Could you live outside, permanently?
“How much time do you spend outside?”
It was a question I posed to a hundred first year students. We were sat in a darkened lecture theatre in the basement of a concrete campus. Murmured calculations revealed that for many time spent outside was during a period of transition each day – passing between halls and campus, sitting on the lawn between lectures, going for a run. The question was part of wider discussions on the role of natural areas in health and well-being – a topic well covered by Project Wild Thing and The Wild Network.
That evening, with the rain drumming on the windows, I posed the question again, this time to my husband, Koen: “How much time do we spend outside?”.
“Not enough, to be honest. I’d really like to try and live outside for a year”.
The conversation ended abruptly there, halted by the ping of the washing machine completing its cycle, but the tiniest of seeds had been planted. One of a creeper that wriggled its way in again and again over the years, fuelled by the ideals of Thoreau and Muir. Could we seriously live outside, maybe not as a hermit in a cabin in the woods, but as functioning members of modern day society, connected with both nature and the realities of daily life?
In September 2016 we were due to return to the Netherlands for Koen to take up a teaching post at Wageningen University, after two years working in Brazil, and moving between national parks in South and North America, camping along the way. During our final days in the open expanses of the Canadian wilderness the idea of living outside seemed more tangible than ever.
“You know, now would be the perfect time for ‘A Wild Year’” Koen suggested, “We could try to sleep outside for 365 nights in a row…”
“… and aim to spend 50% of our time exploring and experiencing the environments we’ve been so concerned about protecting.” I completed what was becoming a much-repeated conversation.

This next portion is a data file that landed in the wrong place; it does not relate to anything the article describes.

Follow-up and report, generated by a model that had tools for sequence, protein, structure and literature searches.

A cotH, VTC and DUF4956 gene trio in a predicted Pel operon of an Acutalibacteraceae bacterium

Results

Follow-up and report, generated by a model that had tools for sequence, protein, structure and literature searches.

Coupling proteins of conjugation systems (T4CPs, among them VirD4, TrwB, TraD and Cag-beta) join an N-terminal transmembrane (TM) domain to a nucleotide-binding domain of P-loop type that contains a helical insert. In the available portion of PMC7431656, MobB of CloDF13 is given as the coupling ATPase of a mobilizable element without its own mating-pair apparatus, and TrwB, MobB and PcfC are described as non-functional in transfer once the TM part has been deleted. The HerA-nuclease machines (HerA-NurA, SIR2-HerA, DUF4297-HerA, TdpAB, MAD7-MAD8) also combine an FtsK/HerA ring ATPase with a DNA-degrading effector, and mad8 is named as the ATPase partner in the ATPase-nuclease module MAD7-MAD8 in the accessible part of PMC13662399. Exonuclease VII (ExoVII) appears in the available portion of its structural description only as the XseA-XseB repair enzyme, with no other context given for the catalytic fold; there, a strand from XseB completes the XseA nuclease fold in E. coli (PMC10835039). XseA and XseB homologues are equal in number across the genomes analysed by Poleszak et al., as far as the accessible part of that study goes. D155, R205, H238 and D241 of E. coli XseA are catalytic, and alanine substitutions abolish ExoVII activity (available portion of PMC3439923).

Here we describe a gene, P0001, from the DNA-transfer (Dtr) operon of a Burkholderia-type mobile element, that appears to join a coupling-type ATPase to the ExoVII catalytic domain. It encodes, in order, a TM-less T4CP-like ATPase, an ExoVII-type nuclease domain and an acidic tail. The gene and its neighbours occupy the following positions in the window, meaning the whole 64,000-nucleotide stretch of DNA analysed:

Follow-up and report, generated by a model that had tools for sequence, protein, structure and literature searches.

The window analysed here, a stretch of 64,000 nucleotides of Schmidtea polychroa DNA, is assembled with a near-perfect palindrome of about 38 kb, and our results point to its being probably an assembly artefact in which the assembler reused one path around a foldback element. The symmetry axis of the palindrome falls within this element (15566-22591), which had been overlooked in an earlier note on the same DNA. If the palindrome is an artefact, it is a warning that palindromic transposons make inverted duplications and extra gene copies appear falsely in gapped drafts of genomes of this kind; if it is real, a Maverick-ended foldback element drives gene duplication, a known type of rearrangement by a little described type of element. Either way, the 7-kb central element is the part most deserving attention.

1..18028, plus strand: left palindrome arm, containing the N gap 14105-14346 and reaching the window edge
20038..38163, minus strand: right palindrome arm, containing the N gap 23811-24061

We were sold on the idea of seeing if we could bring balance to our lives, move out from behind the computer screen and put nature at the core of our daily life. However, the ‘how’ details were not so clear. My main concern was about keeping warm – we had camped in deep snow and freezing temperatures, but I always got cold. We found the solution in the back garden of a descendent of the Maliseet First Nation people in New Brunswick. Sat around a glowing fire, with the painted handprints of friends and relatives flickering in the flames, we imagined living in a tipi.
Searching for a European equivalent we found the lavvu tents from the Scandinavian Sami peoples, and their modern-day reinterpretation by Tentipi. On the autumn equinox – 21st September 2016 – with our new abode in hand, we moved outside.
During the first snow fall of the year we sat in the tipi in t-shirts. Keeping warm has not been an issue, but there have been others. This is not a trek, or travel, or escapism, it is an experiment to see if we can lead apparently ‘normal’ lives, just outside.
The main problem has been juggling tasks, everything takes longer when you’re living outside, packing, setting up camp, cooking. And, while being outdoors can be relaxing it can also bring when you need to be somewhere on time stress – as I found when I took up a position at a research institute – or when you’re hungry. Especially when you’re hungry. Things get wet and dirty, which means finding dry, indoor spots – like family living rooms – to hang things up in.
However, despite the challenges, we have noticed change, or rather we notice change. The arrival of Spring, the staggered bloom of different plants, the greening of the hedgerows, the emergence of insects, the movement of species as some arrive while others leave.
As I walk to work the dawn chorus has become less of a cacophony, and more of an orchestra as the individual tenors, sopranos and trebles stand out against one another. The natural landscape is not so much a backdrop, but a scene to be part of, to understand without controlling, and, ultimately, to enjoy.
The key for me, which may not be the same for everyone, has been time. This year I’ve given nature time, 50% of my time to be exact, and in return I have been rewarded with an experience of nature that feels richer and more intense. One that has brought colour to the philosophies and observations that fill bookshelves around the world. One that, finally, has prompted theory to step off the page into reality.
Dr Gina Maffey and Dr Koen Arts are a pair of academics who, despite having studied, lectured and theorised on the importance of the natural world, were spending more time behind a computer than in the environments they researched. They decided to change things.
You can follow their efforts, as documented by Gina, on connecting with nature on Twitter and Instagram.